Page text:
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Jonathan Tobin: Defending the Right to a Jewish State

Heather Hale: Compliment your kids without giving them big heads

Megan Shauri: 10 ways you are ruining your own happiness

Carolyn Bigda: 8 Best Dividend Stocks for 2015

Kiplinger's Personal Finance editors: 7 Things You Didn't Know About Paying Off Student Loans

Samantha Olson: The Crucial Mistake 55% Of Parents Are Making At Their Baby's Bedtime

Densie Well, Ph.D., R.D. Open your eyes to yellow vegetables

The Kosher Gourmet by Megan Gordon With its colorful cache of purples and oranges and reds, COLLARD GREEN SLAW is a marvelous mood booster --- not to mention just downright delish
April 18, 2014

Rabbi Yonason Goldson: Clarifying one of the greatest philosophical conundrums in theology

Caroline B. Glick: The disappearance of US will

Megan Wallgren: 10 things I've learned from my teenagers

Lizette Borreli: Green Tea Boosts Brain Power, May Help Treat Dementia

John Ericson: Trying hard to be 'positive' but never succeeding? Blame Your Brain

The Kosher Gourmet by Julie Rothman Almondy, flourless torta del re (Italian king's cake), has royal roots, is simple to make, . . . but devour it because it's simply delicious

April 14, 2014

Rabbi Dr Naftali Brawer: Passover frees us from the tyranny of time

Greg Crosby: Passing Over Religion

Eric Schulzke: First degree: How America really recovered from a murder epidemic

Georgia Lee: When love is not enough: Teaching your kids about the realities of adult relationships

Cameron Huddleston: Freebies for Your Lawn and Garden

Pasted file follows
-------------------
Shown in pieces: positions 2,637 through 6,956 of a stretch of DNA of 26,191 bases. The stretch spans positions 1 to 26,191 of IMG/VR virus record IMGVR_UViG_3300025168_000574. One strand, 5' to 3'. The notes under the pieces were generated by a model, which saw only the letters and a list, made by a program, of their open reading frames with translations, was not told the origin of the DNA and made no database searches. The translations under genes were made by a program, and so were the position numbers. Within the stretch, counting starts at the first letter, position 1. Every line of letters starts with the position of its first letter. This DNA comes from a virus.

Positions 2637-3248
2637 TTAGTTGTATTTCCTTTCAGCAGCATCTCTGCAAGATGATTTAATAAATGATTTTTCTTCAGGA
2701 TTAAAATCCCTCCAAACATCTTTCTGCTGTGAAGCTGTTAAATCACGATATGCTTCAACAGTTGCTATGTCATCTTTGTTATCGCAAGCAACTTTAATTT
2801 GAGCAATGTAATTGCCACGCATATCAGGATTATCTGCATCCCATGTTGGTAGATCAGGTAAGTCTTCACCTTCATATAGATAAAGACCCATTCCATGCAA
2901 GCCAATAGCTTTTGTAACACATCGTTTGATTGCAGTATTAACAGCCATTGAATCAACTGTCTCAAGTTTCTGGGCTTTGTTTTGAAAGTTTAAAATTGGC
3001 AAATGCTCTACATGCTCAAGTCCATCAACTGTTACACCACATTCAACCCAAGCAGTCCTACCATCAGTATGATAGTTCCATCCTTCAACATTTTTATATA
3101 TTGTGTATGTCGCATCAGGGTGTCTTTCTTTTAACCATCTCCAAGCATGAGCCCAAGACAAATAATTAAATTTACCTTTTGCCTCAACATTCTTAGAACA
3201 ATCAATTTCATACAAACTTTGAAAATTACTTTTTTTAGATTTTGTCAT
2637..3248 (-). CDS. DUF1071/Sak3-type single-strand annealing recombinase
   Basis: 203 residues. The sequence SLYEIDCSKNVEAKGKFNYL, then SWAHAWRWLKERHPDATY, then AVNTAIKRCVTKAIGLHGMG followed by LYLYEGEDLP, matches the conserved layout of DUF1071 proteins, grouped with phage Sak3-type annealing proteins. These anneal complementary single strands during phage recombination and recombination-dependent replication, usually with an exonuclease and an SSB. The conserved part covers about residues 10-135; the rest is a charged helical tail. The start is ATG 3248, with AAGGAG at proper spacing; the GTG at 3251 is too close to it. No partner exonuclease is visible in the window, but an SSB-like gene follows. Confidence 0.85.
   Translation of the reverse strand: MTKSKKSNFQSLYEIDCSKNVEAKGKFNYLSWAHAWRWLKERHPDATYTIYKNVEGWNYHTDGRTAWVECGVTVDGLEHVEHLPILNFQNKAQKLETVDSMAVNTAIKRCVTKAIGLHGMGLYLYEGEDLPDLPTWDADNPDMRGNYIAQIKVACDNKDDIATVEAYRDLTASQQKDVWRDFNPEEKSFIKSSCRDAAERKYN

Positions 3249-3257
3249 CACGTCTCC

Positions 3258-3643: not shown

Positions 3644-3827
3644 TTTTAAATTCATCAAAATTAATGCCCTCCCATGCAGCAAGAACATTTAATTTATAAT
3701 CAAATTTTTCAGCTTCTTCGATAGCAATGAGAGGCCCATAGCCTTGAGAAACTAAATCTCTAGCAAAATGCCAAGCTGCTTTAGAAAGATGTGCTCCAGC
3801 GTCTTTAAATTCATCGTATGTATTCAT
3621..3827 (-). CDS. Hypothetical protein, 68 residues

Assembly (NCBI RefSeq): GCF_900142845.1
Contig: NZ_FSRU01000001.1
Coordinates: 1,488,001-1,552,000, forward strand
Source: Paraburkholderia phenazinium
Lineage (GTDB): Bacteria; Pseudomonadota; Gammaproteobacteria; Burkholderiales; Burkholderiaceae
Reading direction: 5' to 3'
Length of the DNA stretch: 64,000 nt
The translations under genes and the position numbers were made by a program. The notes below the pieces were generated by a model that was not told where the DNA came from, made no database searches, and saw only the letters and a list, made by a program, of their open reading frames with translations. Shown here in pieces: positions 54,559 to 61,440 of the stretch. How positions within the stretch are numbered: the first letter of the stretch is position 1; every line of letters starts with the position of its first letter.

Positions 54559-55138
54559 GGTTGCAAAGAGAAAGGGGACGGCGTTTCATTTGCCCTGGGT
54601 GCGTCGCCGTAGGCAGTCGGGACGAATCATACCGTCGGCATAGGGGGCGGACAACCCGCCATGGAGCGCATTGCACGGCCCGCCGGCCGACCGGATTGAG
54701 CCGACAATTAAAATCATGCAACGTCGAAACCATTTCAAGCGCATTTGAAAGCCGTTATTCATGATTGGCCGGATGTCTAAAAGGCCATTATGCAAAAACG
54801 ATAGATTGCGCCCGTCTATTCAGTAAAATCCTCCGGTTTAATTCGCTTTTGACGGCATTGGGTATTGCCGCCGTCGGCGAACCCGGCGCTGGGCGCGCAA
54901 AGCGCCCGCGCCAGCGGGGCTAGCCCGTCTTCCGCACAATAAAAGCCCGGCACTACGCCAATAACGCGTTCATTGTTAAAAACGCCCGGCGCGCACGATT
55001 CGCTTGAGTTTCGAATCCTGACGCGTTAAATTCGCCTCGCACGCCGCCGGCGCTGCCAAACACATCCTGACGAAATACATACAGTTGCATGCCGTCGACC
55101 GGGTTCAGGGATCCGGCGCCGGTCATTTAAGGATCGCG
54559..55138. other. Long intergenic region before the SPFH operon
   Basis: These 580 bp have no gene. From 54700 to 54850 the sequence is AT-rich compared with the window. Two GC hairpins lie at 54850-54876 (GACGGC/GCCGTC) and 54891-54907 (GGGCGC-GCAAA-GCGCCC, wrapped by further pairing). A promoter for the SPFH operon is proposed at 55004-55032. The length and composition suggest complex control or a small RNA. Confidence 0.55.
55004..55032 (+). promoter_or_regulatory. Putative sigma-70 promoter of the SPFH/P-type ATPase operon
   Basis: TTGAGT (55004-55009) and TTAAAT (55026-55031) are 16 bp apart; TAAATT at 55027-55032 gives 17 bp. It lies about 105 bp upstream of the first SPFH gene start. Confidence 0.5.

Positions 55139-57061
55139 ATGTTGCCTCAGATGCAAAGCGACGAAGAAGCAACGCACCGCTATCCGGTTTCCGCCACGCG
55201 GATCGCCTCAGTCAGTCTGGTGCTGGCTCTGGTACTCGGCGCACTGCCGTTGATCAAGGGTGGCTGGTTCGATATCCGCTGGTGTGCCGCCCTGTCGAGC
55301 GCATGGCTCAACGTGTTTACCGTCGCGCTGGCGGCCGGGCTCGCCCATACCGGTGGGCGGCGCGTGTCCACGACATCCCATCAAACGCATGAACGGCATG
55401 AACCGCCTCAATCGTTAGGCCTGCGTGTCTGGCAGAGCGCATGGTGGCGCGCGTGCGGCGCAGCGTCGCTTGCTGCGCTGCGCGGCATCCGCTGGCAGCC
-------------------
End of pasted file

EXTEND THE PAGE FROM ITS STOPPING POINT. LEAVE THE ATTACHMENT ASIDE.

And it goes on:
Gordon Pape: How you can tell if your financial adviser is setting you up for potential ruin

Dana Dovey: Up to 500,000 people die each year from hepatitis C-related liver disease. New Treatment Has Over 90% Success Rate

Justin Caba: Eating Watermelon Can Help Control High Blood Pressure

The Kosher Gourmet by Joshua E. London and Lou Marmon Don't dare pass over these Pesach picks for Manischewitz!

April 11, 2014

Rabbi Hillel Goldberg: Silence is much more than golden

Caroline B. Glick: Forgetting freedom at Passover

Susan Swann: How to value a child for who he is, not just what he does

Cameron Huddleston: 7 Financial Tasks You Should Tackle Right Now

Sandra Block and Lisa Gerstner: How to Profit From Your Passion

Susan Scutti: A Simple Blood Test Might Soon Diagnose Cancer

Chris Weller: Have A Slow Metabolism? Let Science Speed It Up For You

The Kosher Gourmet by Diane Rossen Worthington Whitefish Terrine: A French take on gefilte fish

April 9, 2014

Jonathan Tobin: Why Did Kerry Lie About Israeli Blame?

Samuel G. Freedman: A resolution 70 years later for a father's unsettling legacy of ashes from Dachau